NHS use of puberty blockers legal challenge begins

By Alison Holt
Social affairs correspondent, BBC News

  • Published
The Tavistock Centre sign

Legal action is being launched against the NHS over the prescribing of drugs to delay puberty.

Papers have been lodged at the High Court by a mother and a nurse against the Tavistock and Portman NHS Trust, which runs the UK's only gender-identity development service (Gids).

Lawyers will argue it is illegal to prescribe the drugs, as children cannot give informed consent to the treatment.

The Tavistock said it had a "cautious and considered" approach to treatment.

Papers were formally lodged on Wednesday by the lawyers for the complainants.

The Tavistock will have three weeks to submit its response, after which a judge will consider the case and decide on the timings of any hearings.

Referrals up

The nurse, Sue Evans, left the Gids more than a decade ago after becoming increasingly concerned teenagers who wanted to transition to a different gender were being given the puberty blockers without adequate assessments and psychological work.

Since then, she says, even younger children are being given the drugs, which block the hormones that lead to puberty-related changes including periods and facial hair.

The number of young people referred to the Gids rose from 678 in 2014-15 to 2,590 in the past year.

Of these 2,590:

  • more than 1,700 wanted to transition to male
  • 624 wanted to transition to female
  • most were in their early to mid-teens
  • 171 were under 10

Ms Evans said: "I used to feel concerned it was being given to 16-year-olds.

"But now, the age limit has been lowered - and children as young as perhaps nine or 10 are being asked to give informed consent to a completely experimental treatment for which the long-term consequences are not known."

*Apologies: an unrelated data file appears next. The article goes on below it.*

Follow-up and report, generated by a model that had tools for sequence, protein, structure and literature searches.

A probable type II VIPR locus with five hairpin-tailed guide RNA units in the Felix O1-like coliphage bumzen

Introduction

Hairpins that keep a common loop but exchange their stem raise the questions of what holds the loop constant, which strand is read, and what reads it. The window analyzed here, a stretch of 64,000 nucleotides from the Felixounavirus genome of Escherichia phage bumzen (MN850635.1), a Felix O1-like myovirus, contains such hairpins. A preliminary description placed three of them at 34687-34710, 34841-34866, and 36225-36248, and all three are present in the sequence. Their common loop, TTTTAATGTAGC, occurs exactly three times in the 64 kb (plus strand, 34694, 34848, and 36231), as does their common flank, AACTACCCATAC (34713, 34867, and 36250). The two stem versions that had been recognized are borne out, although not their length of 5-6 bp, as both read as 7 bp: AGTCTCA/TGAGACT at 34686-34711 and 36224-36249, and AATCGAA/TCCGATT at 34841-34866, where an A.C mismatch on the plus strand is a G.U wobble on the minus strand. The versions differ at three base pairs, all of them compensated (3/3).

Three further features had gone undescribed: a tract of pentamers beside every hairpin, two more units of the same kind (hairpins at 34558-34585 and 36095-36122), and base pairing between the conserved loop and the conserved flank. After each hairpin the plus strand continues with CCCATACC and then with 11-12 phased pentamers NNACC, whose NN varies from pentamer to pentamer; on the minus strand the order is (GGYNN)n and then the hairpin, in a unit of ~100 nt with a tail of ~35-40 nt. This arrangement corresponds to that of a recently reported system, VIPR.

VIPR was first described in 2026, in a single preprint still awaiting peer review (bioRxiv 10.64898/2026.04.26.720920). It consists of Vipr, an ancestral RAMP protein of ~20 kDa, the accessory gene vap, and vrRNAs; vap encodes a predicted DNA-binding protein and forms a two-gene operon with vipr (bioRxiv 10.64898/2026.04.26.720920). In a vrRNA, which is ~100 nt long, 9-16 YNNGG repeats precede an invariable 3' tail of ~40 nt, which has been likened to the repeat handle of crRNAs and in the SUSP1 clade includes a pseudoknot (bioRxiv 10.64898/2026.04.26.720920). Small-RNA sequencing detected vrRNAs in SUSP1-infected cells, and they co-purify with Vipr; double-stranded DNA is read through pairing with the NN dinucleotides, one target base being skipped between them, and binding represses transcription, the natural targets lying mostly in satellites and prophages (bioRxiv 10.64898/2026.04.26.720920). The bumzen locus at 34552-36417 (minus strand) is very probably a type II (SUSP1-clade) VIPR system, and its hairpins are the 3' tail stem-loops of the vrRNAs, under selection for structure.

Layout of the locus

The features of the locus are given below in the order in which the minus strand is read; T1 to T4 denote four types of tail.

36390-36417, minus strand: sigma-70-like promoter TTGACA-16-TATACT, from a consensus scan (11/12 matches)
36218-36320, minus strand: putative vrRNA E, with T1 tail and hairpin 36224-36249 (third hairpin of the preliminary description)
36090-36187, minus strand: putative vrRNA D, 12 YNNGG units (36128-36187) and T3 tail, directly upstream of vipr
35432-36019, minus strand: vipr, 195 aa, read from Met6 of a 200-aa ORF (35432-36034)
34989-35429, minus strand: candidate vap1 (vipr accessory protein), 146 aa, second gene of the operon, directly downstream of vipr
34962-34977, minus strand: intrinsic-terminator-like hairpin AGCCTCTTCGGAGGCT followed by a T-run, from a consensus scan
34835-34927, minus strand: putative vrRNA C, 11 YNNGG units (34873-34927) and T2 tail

'Too young'

The mother, known only as Mrs A, has a 15-year-old with autism who is on the waiting list for treatment at the Gids.

She told BBC News her child presents to the outside world as a boy but, while she is happy to allow that, she is extremely concerned about the possibility of drugs that are not fully understood being prescribed.

"I'm worried that they will look at her age and say, 'Well, she still says this is what she wants and therefore we will put her on to a medical pathway,'" Mrs A told BBC News.

"And given her communication of what she feels internally is slightly different because of her autism spectrum, I worry that what she says and what she means are often two different things."

What are puberty blockers?

They are drugs which can pause the development of things like breasts, periods, facial hair and voice breaking

They can be prescribed to children with gender dysphoria who feel their sex at birth doesn't match up with their gender.

This is meant to give them more time to weigh up their options before they go through the physical changes of puberty.

Although puberty blockers are described by the NHS as reversible, Gids acknowledges that their impact on brain development and psychological health is not fully known.

Mrs A said her child was too young to really assess the potential impact of puberty blockers on the rest of their life, including such things as fertility.

"As an adolescent, what we think will make us happy is not necessarily what will make us happy," she told BBC News.

"It might help us in the short term - but it might not help us in the long term."

'Rated good'

A Tavistock and Portman NHS Foundation Trust official said: "It is not appropriate for us to comment in detail in advance of any proposed legal proceedings.

"The Gids is one of the longest-established services of its type in the world with an international reputation for being cautious and considered.

"Our clinical interventions are laid out in nationally set service specifications.

"NHS England monitors our service very closely.

"The service has a high level of reported satisfaction and was rated good by the Care Quality Commission."

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